Street are named Schiller, Kossuth, Jaeger, Hanford, Brust, etc; houses are styled like GV cottages; and everything’s spaced closer together than typical suburban design.

    Check it out,<br>
    https://www.google.com/maps/@41.4852165,-81.9871274,427m/data=!3m1!1e3<br>
    https://goo.gl/maps/zSX3mJV2bfF2<br>
    https://goo.gl/maps/cHk2ed35ky52

    How weird! They obviously made some “modern” concessions. The yards are bigger and the houses are farther from the road, the alleys are humongous and it’s not really near anything resembling an “urban” area and it’s not peppered with businesses. But still fascinating, nonetheless.

    #1104910

    jackoh
    Participant

    Ah, the genius of America! We can create a fake anything, who needs authenticity. If anyone doubts this ability all that they have to do is to spend anytime in Phoenix, Arizona. There you will see midwestern and new england landscapes recreated in the desert, at horrible expense and damage to the native environment. I’ve always thought that the mantra for American enterprise should be “build it and the fools will come”.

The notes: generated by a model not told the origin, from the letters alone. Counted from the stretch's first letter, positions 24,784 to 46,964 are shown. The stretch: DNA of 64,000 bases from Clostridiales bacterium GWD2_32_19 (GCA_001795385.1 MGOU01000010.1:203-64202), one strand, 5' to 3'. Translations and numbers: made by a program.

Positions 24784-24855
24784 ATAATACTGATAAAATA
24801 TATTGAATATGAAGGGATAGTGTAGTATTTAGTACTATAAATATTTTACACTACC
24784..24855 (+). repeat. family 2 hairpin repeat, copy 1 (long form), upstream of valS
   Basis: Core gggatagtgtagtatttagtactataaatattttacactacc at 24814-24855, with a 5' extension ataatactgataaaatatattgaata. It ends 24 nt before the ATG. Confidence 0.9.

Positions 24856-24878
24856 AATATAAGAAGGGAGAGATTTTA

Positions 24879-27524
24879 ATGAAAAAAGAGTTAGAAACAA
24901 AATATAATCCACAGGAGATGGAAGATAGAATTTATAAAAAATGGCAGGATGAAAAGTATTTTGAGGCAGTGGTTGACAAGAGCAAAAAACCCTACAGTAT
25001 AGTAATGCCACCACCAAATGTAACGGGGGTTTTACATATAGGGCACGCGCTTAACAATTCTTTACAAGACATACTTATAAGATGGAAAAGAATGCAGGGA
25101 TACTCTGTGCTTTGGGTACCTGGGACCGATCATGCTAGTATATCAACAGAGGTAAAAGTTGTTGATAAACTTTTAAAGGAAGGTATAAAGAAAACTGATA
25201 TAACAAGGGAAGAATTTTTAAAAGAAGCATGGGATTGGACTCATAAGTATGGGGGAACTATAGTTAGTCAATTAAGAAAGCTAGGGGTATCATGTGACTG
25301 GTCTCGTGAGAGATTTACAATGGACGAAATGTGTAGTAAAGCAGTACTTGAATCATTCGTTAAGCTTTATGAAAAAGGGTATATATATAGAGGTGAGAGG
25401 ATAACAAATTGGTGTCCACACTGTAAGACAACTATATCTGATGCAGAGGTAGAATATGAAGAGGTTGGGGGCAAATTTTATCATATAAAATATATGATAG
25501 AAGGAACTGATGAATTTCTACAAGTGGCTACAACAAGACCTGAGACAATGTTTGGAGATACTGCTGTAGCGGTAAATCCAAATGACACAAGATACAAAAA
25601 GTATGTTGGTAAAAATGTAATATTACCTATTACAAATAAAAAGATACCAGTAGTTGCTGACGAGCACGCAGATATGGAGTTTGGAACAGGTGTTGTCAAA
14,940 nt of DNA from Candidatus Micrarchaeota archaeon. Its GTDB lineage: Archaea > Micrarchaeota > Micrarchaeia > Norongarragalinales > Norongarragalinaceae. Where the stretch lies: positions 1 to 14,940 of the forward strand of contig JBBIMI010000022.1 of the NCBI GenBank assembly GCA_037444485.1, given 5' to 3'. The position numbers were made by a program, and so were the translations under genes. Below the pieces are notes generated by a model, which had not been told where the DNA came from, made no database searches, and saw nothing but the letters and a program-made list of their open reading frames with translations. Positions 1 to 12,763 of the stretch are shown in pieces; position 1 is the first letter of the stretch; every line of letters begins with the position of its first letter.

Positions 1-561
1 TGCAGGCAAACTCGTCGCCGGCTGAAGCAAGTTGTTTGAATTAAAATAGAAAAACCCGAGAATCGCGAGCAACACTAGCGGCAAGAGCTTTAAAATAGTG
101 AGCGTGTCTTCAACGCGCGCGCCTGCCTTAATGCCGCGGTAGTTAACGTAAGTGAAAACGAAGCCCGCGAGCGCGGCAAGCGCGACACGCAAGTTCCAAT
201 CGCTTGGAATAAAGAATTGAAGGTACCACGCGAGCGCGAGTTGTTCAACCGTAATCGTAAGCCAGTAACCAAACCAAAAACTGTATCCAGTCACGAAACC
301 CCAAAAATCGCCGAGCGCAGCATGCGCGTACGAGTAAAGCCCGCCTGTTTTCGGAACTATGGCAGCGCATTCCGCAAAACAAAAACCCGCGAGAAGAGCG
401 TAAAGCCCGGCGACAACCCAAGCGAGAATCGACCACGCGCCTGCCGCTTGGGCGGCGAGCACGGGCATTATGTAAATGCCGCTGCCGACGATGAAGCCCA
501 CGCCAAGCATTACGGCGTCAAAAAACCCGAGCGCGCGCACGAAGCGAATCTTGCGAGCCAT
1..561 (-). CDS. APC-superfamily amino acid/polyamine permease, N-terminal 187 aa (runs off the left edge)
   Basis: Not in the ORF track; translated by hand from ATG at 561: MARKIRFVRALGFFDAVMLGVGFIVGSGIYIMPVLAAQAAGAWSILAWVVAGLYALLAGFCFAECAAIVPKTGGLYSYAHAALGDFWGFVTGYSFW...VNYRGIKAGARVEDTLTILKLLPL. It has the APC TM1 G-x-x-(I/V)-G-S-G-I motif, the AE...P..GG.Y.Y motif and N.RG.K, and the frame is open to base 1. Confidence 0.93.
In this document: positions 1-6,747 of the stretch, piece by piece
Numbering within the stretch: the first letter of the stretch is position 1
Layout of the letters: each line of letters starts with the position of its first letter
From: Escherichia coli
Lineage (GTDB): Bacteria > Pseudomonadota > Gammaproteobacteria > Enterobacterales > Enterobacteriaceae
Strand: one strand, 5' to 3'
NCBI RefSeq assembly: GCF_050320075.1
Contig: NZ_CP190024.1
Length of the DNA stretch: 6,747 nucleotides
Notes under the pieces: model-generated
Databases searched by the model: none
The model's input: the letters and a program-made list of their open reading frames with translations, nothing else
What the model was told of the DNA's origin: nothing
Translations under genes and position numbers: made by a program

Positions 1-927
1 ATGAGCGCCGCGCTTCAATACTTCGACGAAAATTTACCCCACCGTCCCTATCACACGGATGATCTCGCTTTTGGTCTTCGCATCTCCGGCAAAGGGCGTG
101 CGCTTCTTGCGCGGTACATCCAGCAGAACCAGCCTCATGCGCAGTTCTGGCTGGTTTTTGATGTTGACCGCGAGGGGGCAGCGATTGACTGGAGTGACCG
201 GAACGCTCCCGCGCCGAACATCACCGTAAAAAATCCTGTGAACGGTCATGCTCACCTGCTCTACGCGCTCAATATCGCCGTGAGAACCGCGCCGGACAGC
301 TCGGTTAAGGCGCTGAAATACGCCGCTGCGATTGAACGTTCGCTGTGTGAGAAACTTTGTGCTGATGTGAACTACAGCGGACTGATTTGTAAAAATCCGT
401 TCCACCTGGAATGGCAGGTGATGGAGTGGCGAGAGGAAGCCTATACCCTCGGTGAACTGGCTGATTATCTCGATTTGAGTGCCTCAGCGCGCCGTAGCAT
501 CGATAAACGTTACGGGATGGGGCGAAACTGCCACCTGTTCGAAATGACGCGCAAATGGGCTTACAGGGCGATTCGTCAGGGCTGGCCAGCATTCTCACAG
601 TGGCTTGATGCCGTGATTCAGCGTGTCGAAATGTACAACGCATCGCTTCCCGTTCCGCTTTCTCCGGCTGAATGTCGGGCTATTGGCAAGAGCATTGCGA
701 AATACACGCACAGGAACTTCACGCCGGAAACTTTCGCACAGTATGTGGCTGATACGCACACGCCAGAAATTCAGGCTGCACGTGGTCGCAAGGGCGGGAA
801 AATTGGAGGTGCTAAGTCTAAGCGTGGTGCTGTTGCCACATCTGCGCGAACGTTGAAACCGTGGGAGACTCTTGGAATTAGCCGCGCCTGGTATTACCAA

#1105008
    Chris Sunami
    Chris Sunami
    Participant

    There’s actually a newer subdivision up in Avon Lake near Cleveland that is based on German Village.

    Street are named Schiller, Kossuth, Jaeger, Hanford, Brust, etc; houses are styled like GV cottages; and everything’s spaced closer together than typical suburban design.

    Bizarre. Isn’t the entire point of a suburban subdivision the enormous plots of land? Why wouldn’t someone who wants this just move into the city?

    #1105015

    honestlyinsincere
    Participant

    <div class=”d4p-bbt-quote-title”>heresthecasey wrote:</div>
    There’s actually a newer subdivision up in Avon Lake near Cleveland that is based on German Village.